LONDON – A Scottish cardinal has told Chinese Communist Party officials there is no need for a patriotic association in their country.
Cardinal Keith O’Brien of St. Andrews and Edinburgh said he told the officials the overwhelming majority of Chinese Catholics wanted to be united in one church community under the authority of the pope and did not want to be working through the Chinese Catholic Patriotic Association. The patriotic association acts as a liaison between registered Catholics and the Chinese government.
The cardinal made his remarks in a late-October visit to China during an hour of discussions with Ye Xiaowen, the director of the State Administration for Religious Affairs, and deputy director Wang Zuo’an.
“I was saying that in every country in the world Catholics are regarded as being patriotic and loyal to their country as they are to their religion,” the cardinal told Catholic News Service in a telephone interview Nov. 2.
“I said that there is no need in Scotland for a patriotic Scottish church. We are as patriotic as anyone else in our country,” said Cardinal O’Brien.
“I said I saw no need to have a patriotic Catholic Church in China. Catholics in China are as much patriots to their country as Catholics are in any other country in the world and, therefore, there is no need for a patriotic church in China,” he added.
He said he told the officials he thought it “extremely sad” that the four Chinese Catholic bishops invited to attend the Synod of Bishops on the Eucharist at the Vatican in 2005 were not allowed to leave their country.
Cardinal O’Brien said such opinions were met mostly with awkward silences.
“There were a few contentious points raised in discussions, but that was what the visit was about, not just to paper over the cracks but to be open, friendly and honest about ways forward,” he said.
“We had some full and frank discussions,” he added. “There was no way I was going to China to say everything is lovely if I didn’t think everything was lovely.”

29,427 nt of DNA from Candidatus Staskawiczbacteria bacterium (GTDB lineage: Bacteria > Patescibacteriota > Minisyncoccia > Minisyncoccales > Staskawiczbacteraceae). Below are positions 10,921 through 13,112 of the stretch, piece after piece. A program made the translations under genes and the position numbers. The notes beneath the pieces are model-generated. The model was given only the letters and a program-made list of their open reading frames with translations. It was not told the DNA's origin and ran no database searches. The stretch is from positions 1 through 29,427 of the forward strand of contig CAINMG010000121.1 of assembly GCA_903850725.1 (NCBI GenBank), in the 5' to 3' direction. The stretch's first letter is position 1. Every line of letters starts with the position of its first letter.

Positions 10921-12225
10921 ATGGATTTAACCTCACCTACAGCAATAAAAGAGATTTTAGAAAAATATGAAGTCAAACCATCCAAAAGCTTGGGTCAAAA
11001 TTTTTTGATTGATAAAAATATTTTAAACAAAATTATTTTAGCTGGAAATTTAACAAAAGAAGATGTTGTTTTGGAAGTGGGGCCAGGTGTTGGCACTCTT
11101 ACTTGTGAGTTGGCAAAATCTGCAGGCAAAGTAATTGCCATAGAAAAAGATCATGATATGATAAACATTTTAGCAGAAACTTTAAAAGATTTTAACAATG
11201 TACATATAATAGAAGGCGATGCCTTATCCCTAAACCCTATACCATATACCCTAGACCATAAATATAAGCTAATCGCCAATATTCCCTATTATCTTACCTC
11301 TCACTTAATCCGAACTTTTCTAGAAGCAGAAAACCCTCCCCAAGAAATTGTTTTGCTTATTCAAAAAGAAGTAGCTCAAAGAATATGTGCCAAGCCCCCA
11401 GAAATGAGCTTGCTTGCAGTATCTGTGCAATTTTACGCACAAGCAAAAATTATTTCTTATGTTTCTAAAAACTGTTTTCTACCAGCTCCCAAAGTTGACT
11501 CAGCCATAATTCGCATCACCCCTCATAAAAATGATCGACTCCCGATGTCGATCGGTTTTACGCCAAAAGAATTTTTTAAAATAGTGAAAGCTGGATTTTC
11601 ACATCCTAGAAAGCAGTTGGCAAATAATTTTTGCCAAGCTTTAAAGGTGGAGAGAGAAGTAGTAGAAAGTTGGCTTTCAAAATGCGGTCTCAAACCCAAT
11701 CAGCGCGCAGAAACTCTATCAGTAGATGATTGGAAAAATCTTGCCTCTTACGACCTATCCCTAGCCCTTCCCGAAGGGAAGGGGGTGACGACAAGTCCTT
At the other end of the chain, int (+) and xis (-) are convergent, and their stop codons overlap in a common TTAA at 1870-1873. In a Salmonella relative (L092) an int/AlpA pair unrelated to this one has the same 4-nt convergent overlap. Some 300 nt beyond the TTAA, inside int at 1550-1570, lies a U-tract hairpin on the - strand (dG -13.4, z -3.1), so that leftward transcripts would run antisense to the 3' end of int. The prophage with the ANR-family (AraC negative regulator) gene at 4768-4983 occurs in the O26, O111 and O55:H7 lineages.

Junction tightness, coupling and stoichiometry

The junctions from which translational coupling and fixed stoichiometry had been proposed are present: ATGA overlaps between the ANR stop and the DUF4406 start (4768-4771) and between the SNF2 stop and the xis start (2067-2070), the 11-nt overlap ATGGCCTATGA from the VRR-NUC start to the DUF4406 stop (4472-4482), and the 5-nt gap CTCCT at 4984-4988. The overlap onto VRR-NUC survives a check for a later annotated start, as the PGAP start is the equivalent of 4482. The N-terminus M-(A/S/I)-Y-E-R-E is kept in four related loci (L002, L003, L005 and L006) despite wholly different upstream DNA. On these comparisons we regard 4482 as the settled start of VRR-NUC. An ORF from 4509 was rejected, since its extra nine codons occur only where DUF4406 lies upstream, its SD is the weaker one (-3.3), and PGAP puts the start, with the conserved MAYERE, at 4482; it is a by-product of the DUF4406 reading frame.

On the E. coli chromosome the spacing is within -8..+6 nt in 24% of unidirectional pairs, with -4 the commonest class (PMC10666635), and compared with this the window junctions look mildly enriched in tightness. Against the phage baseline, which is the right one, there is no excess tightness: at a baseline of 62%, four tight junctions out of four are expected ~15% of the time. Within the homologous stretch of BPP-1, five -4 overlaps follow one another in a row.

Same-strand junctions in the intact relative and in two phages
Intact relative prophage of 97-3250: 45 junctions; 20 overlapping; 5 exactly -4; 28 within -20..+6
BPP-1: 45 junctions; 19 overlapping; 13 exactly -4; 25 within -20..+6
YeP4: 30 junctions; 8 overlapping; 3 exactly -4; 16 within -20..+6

The cardinal was formally invited to visit the mainland by the State Administration for Religious Affairs.
Throughout China, Catholics who suffered after the government closed churches in the late 1950s and during the 1966-76 Cultural Revolution kept their faith alive under tough conditions.
Later, they had to decide whether or not to openly worship and work within the system under restrictions imposed by the government, including rejecting ties to the Vatican. Some Catholics continued to practice their faith clandestinely.
Early in the 21st century, the Chinese government appeared to be relaxing its control.
Today, China requires that church leaders and prominent church buildings be registered with the government, although registration requirements vary from place to place. Registration usually includes a requirement for unregistered priests to concelebrate Mass with a registered bishop and sometimes compels them to profess support for the “independent, autonomous and self-management” principle that the government insists on for the church.
Pope Benedict XVI’s pastoral letter to Chinese Catholics, issued June 30, called for unity between the registered and unregistered communities.
Cardinal O’Brien said he thought the pope’s letter had given the church in China “renewed hope for the future.”
He said that during his Oct. 19-29 visit to the Chinese mainland he witnessed a “great bustle” of “enthusiastic people and enthusiastic congregations” in a church that was busy preparing young men and women for the priesthood and religious life, catechizing the young, administering the sacraments, and helping people with AIDS and Hansen’s disease.
“I think many ordinary Catholics realized that there was something wrong in their own situation in which some of them belonged to a registered church and some did not,” he said. “There is that split, and the pope’s letter has held out tremendous hope for bishops and priests who might be in irregular situations at this time to be reconciled.”
He added, “The feeling that came through to me was that members of the church want things to be put right and put right as soon as possible.”
The cardinal said that after speaking or celebrating Mass in public he would pray for the “ongoing loyalty” of the church in China to the pope.
He said that afterward his audience would invariably want to kiss the ring given to him by the pope as a sign of their loyalty to the Vatican.
“I had a great sense of the process of normalization taking place,” Cardinal O’Brien said. “It filled me with a tremendous sense of hope and consolation.”
He said he was also impressed by the economic progress of China but said he felt that such advances needed to be underpinned by a “sound spirituality.”